Just because you become a part-time working mum doesn’t mean you no longer have ambitions for your career. Shortening your hours doesn’t mean you don’t care about work anymore, just that you have a lot more to fit in. If you’re like me, you’ll always have some kind of plan. And sometimes it’s ok to change your plans.
I’ve written before about my plan to freelance full-time. This is a plan I’ve been working on for almost 2 years now.
I worked full-time before having Little H and changed my hours several times to fit in with nursery and school. I’m obviously earning a fair bit less than when I was full time, so a couple of years ago I took on some freelance social media work. At first it was just one client to get some extra money and gain experience, but they recommended me to a friend and it went from there. As I took more on I decided I enjoyed it enough to quit my job and be a full-time freelancer.
I wasn’t in a very good place work-wise which added to the idea. I’ve been in my job for 10 years and the company has gone from 5 of us sat in a basement to a public company with a staff of 30+ . Constant change and upheaval can be tough when you just want to get your work done and get home to your family at the end of the day.
Decent part-time jobs are few and far between – believe me I’ve looked – so I concentrated more on the freelance work. It escalated fairly quickly to 5 freelance clients through recommendations and soon I was doing 20+ hours a week on top of 30 hours in my ‘real’ job. Although it was a lot of extra work it was great because our salaries were paying the bills so this was essentially extra money each month. It wasn’t quite enough to be the equivalent of my salary though and I worked out I’d need to more than double what I was earning from freelance to give up my job.
When you already work 30+ hours a week that’s not easy! I started to save the freelance money with the aim that when I had enough I could leave my job with a couple of months salary in the bank.
Then something changed my mind. I had a chat with my boss who had twigged I wasn’t happy. He offered a slight change to the role with extra responsibilities and a bit extra money. I decided to give the new ideas a go and see what happened – I’d nothing to lose and couldn’t leave yet anyway as I hadn’t saved enough.
That was a couple of months ago and in a surprising turn of events I’m actually enjoying my job again! Don’t get me wrong, I’m not skipping into work on a Monday morning, but I’m enjoying the work and the extra responsibility. I certainly don’t have time to get bored.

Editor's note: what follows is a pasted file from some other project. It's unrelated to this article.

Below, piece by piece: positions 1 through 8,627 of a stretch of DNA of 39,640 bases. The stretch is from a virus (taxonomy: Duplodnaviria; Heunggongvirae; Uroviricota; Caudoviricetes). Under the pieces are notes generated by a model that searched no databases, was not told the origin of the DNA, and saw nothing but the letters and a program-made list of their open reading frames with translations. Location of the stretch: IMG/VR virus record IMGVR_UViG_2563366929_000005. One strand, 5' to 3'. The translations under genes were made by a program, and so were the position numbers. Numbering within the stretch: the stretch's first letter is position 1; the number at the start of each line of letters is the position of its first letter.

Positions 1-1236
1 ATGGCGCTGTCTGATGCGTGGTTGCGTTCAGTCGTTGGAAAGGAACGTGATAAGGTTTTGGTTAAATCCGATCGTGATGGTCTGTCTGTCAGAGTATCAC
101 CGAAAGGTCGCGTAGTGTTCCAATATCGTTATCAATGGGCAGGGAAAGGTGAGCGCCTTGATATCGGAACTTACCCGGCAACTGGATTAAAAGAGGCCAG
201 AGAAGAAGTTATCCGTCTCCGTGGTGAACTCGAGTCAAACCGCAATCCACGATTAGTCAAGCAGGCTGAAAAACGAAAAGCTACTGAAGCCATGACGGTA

I’ve recently seen a friend give up his full-time job to go freelance, only to end up getting a part-time job due to the pitfalls of being a freelancer. This was the kind of thing that was worrying me. I’ve also had a client cancel my services as they could no longer afford it. Luckily this was only a small part of my income each month but it showed how scary it would be if I was relying on that money to pay the mortgage. I’ve also realised that I’m not very good at promoting myself and pitching for work.
So in the end I’ve decided to stay in my job for the time being. I’ll be able to further my career and realistically earn more money than I would being freelance. Yes freelance has the flexibility to go to all the school events, have days off when you need to be around, and not just work hard to put money in someone else’s pocket. However, you do only have yourself to rely on, you can lose business at any point, and you have to go out and find the work.
I’m old enough to admit that maybe it’s not for me after all, and it’s ok to change your plans. I don’t feel like I’ve failed because I’ve been earning some good money freelancing. I’m going to keep the freelance clients I have for now as the extra money is obviously nice. I don’t think I’ll take any more clients on for the moment, I might even try to reduce them later in the year to get more of my ‘free time’ back.
In future I might go back to the full-time freelance idea, there’s nothing to say I can’t change my plans again at a later date. It’s always good to have a ‘plan b’!